Gotham: Pilot

GothamGotham, the new series on Fox, finally premiered after a lot of anticipation.  Billed as the pre-quel to Batman, it starts with the Wayne murders, which started Bruce on the path to the Dark Knight.  Much like Smallville focused on Clark Kent’s glossed-over high school years, Gotham is set in the wake of the deaths of Thomas and Martha Wayne.

The focus of the show is on rookie detective James Gordon, a long way from his days as Commissioner.  Drawing on the background created by Frank Miller in his “Batman: Year One” story, Gordon is a war vet.  He survived the war, as did his idealism.  As the show starts, Gordon has just made Detective.  The Gotham City Police Department is a corrupt mess, and Gordon is not fitting in with it, which speaks well of him.

While there are many ties to the Batman mythos, I’d argue this isn’t really a Batman show.  We’re long before Bruce dons the cape and cowl, and while there are a lot of familiar names, none of them have donned costumes yet.  It’s a crime drama, after a fashion.  Gordon is dealing with a looming gang war, a compromised police department, and a promise he made to young Bruce Wayne.

The Batman supporting cast showing up adds flavor, but also comes with some difficulties regarding storylines.  Every name comic book fans (like me) recognize comes with a host of limitations.  We know Oswald Cobblepot won’t die before he becomes the Penguin, etc.  The only new major character so far is Fish Mooney , played delightfully by Jada Pinkett Smith.  She’s wonderfully vicious, a menacing presence in a stunning dress.

They are exploring some of the unknown aspects of the characters.  Barbara Kean eventually becomes Barbara Gordon in the comics, later mother of another Barbara, better known as Batgirl.  Here, it’s strongly hinted that Barbara has a romantic past with Detective Rene Montoya.  Montoya was a comic book character, known as both a tough Gotham detective and a strong gay character, which are not as common as they should be.  I suppose this means Barbara is bi, which is an interesting twist.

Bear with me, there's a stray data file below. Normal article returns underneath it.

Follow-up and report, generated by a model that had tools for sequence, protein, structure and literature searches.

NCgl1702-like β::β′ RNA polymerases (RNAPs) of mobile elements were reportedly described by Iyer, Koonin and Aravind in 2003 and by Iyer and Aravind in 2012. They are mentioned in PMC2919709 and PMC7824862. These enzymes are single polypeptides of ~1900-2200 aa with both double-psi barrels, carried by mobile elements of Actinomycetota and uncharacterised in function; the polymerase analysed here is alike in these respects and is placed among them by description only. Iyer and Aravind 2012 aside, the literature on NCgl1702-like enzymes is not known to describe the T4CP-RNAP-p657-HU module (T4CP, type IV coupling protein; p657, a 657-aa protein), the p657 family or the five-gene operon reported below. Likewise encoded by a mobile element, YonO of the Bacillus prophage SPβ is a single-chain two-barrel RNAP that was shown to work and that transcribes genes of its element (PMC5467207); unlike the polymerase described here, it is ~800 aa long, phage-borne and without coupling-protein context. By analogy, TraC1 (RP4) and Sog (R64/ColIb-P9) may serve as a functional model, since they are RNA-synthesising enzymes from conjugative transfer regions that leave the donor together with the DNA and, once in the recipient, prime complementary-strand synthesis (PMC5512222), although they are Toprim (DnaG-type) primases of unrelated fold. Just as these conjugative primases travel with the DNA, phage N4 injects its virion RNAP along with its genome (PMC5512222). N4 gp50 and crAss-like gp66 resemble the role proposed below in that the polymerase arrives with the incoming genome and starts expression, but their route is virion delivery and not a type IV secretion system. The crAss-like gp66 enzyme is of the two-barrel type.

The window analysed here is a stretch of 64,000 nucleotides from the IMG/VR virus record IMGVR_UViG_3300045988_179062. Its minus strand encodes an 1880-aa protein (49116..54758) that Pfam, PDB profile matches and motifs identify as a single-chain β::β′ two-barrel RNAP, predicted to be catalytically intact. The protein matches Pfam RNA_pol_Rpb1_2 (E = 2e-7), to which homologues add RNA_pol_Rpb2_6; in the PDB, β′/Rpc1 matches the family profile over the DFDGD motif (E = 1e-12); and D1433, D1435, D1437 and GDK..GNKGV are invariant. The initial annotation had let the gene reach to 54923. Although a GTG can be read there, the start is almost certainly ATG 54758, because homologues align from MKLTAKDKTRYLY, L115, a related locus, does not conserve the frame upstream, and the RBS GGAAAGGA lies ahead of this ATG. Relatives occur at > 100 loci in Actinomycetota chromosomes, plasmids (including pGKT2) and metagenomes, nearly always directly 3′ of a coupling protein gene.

We see quite a few of the people who will become Batman’s rogues gallery.  The one that surprised me the most was Edward Nygma.  In the comics, he’s the brilliant villain the Riddler.  Here, he appears to work for Gotham PD’s Forensic’s Unit.  One thing this show seems to be establishing is that all of Batman’s major male foes are many years older than he is.  Bruce is child (his age at the time of the murders in the comics is usually eight), while Penguin and Riddler are both adults.  Catwoman and Poison Ivy both seem to be the same as young Bruce, give or take a year or two.  Selina, later Catwoman, is a street kid and thief; Ivy is the young daughter of a man killed by a plot involving both GCPD and the mob.

Gordon’s partner in the series is Harvey Bullock.  In the comics, he’s a slob and a man of very questionable reputation at times.  Here, he’s a corrupt cop.  He’s part of the system, bought and paid for.  He did show a spark of being a good cop when he tried to help Gordon out of a lethal situation, although that didn’t work out well for either of them.

Just like the CW’s Arrow, there are a few little Easter Eggs thrown in for comics fans.  A street address mentioned at one point was on “Grundy.”  Solomon Grundy is a long time DC villain, often clashing with Batman among others.  There’s also a stand up comic auditioning in Fish Mooney ’s club.  Of course, Batman’s best known foe is the Joker.  Is the comic him?  No way of knowing yet, but wondering about things like that are a part of the fun.

This is certainly a grim show, but that’s fitting for Gotham.  It’s always been a dark city.  Watching the writers dodge between elements of Batman’s past is going to be interesting.  Since the show is on Fox, it won’t be connecting to any of the other hero shows on the various other networks this fall.  While making for less promotional opportunities, it also allows for more freedom with the plot.

I thought this was a well done start.  I’m intrigued.  I’ll certainly be watching a few more episodes.  But then, I’m very much a fan of Batman, and DC Comics characters.

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